Let's look at the stats on how HR 3200 would impact each district according to an official report from the House Energy and Commerce Committee. First Rogers' KY-05:

• Help for small businesses. Under the legislation, small businesses with 25 employees or less and average wages of less than $40,000 qualify for tax credits of up to 50% of the costs of providing health insurance. There are up to 10,700 small businesses in the district that could qualify for these credits.

• Help for seniors with drug costs in the Part D donut hole. Each year, 7,500 seniors in the district hit the donut hole and are forced to pay their full drug costs, despite having Part D drug coverage. The legislation would provide them with immediate relief, cutting brand name drug costs in the donut hole by 50%, and ultimately eliminate the donut hole.

• Health care and financial security. There were 1,500 health care-related bankruptcies in the district in 2008, caused primarily by the health care costs not covered by insurance. The bill provides health insurance for almost every American and caps annual out-of-pocket costs at $10,000 per year, ensuring that no citizen will have to face financial ruin because of high health care costs.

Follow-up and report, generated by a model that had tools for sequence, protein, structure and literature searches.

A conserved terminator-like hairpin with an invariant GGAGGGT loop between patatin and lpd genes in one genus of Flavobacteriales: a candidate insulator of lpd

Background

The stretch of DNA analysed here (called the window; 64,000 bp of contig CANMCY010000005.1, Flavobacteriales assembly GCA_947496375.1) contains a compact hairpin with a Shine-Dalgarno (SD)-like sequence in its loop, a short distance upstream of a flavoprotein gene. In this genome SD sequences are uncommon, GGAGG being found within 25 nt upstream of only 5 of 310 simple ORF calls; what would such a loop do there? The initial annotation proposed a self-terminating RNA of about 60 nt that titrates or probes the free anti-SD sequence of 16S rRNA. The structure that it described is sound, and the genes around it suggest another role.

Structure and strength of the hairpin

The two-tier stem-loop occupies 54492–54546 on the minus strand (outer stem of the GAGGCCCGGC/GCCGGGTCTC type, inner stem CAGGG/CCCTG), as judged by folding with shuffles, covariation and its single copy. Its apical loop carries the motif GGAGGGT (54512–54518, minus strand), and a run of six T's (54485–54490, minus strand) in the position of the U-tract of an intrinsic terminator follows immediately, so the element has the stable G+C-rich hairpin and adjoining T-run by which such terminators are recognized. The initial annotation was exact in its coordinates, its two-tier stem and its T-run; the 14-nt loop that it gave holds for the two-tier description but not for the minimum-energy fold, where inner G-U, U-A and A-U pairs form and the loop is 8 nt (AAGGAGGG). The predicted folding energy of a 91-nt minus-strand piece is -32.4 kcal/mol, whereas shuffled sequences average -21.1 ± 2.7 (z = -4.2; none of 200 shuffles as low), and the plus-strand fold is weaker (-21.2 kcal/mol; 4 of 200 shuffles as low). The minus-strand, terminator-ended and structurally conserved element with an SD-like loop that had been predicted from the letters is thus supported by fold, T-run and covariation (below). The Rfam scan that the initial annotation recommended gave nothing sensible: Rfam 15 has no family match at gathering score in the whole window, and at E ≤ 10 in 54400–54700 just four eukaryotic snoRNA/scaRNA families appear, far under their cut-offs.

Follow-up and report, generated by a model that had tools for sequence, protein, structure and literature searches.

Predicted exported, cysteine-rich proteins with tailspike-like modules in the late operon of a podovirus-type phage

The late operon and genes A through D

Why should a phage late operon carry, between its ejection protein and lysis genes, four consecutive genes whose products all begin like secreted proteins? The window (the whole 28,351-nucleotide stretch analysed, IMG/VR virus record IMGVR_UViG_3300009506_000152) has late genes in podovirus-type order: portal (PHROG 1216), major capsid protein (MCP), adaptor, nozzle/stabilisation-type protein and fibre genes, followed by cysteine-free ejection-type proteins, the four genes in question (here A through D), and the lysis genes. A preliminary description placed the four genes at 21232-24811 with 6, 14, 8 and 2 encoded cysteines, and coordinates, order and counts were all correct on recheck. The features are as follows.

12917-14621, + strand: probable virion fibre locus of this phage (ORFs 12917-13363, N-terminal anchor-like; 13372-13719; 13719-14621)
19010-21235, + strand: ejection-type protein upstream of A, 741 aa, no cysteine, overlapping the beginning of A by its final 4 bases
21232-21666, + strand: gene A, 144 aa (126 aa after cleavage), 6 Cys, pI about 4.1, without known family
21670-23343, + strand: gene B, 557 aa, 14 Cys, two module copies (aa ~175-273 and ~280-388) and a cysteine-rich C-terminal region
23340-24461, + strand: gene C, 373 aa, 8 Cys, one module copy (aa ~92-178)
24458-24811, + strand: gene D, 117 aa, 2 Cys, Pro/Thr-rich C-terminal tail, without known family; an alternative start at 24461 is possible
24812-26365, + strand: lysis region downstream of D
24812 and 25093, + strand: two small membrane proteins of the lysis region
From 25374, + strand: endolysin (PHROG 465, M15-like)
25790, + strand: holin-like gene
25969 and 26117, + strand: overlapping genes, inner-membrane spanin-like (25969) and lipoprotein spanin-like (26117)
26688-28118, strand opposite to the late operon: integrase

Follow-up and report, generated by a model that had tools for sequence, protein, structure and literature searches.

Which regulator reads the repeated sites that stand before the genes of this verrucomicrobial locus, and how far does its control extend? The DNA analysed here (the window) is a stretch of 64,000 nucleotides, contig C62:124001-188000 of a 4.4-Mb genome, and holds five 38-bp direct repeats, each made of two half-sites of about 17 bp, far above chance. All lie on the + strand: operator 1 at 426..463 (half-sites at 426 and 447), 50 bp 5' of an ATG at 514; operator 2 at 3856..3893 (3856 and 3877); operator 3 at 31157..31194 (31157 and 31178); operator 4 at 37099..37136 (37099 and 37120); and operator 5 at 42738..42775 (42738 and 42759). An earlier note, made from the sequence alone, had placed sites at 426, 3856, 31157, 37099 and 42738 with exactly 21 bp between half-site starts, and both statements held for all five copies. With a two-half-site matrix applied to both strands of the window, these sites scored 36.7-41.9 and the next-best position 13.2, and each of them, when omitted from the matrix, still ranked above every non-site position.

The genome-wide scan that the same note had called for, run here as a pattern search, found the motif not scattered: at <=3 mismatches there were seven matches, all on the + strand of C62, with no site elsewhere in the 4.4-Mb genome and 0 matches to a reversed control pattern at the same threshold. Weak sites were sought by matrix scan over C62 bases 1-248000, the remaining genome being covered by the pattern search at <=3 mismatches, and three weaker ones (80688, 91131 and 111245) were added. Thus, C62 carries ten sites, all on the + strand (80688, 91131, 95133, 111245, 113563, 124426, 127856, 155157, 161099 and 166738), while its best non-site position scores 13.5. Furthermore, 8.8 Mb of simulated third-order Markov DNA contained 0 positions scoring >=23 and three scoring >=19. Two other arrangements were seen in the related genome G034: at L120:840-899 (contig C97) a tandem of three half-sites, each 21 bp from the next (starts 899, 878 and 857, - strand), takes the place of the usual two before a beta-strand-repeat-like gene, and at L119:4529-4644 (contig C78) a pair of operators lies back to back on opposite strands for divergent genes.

• Relieving the burden of uncompensated care for hospitals and health care providers. In 2008, health care providers in the district provided $173 million worth of uncompensated care, care that was provided to individuals who lacked insurance coverage and were unable to pay their bills. Under the legislation, these costs of uncompensated care would be virtually eliminated.

• Coverage of the uninsured. There are 146,000 uninsured individuals in the district, 22% of the district. The Congressional Budget Office estimates that nationwide, 97% of all Americans will have insurance coverage when the bill takes effect. If this benchmark is reached in the district, 126,000 people who currently do not have health insurance will receive coverage.

• No deficit spending. The cost of health care reform under the legislation is fully paid for: half through making the Medicare and Medicaid program more efficient and half through a surtax on the income of the wealthiest individuals. This surtax would affect only 850 households in the district. The surtax would not affect 99.6% of taxpayers in the district.